How to overcome the seven hardest phases of a relationship

In other words, falling in love is the easy part; maintaining that romance is the challenge.

Relationships are hard work despite what the Richard Curtis movies tell you. Furthermore, a path to a long-lasting, profound, and significant friendship with someone is not always a funny or endearing one. Additionally, Bill Nighy is rarely a part of it.

There are several basic challenges that most individuals in relationships will endure at some point or another, such as communication problems or finding it difficult to carve out time together.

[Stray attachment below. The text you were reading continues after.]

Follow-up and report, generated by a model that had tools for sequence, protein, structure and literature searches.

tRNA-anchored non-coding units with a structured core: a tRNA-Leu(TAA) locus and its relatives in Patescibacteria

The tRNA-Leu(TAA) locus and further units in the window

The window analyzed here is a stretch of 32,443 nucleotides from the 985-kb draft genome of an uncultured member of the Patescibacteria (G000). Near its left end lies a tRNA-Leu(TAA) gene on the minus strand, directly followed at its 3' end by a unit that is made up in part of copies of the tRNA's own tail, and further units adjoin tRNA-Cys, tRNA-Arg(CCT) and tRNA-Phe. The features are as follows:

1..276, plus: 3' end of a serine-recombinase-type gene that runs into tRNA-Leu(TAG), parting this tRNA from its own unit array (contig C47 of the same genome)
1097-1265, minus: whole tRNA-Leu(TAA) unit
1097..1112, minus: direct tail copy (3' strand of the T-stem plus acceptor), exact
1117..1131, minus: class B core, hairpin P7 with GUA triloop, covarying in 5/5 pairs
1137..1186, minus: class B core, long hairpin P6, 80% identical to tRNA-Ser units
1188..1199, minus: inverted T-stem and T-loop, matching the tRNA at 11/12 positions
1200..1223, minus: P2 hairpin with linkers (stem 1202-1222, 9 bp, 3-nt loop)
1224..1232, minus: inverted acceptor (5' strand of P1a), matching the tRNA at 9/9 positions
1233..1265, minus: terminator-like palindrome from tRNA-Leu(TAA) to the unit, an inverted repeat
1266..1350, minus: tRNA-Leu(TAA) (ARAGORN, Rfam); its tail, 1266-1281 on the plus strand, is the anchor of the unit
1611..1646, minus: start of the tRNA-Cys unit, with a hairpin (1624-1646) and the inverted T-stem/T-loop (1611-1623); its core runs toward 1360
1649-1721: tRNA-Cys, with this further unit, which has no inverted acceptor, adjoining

With the help of dating specialists, the Independent has identified these obstacles and provided essential guidance for navigating them.

1. Honoring each other

The ups and downs of life together inevitably bring about shifts in how much each partner values the other. This can be for the better or the worst.

According to licenced psychologist Daria Kuss, conflicts in relationships often start with one spouse not respecting the other’s values, limits, hobbies, or family.

Recognize that “people may be diverse, like different things, and have different ideas and relationship requirements,” she advises.

Any attempt to influence them will be futile in the long run, and it’s unrealistic to think that you can. Be grateful for who they are and the part they play in your life even if you don’t always agree on everything.

2) Establishing a working definition of the partnership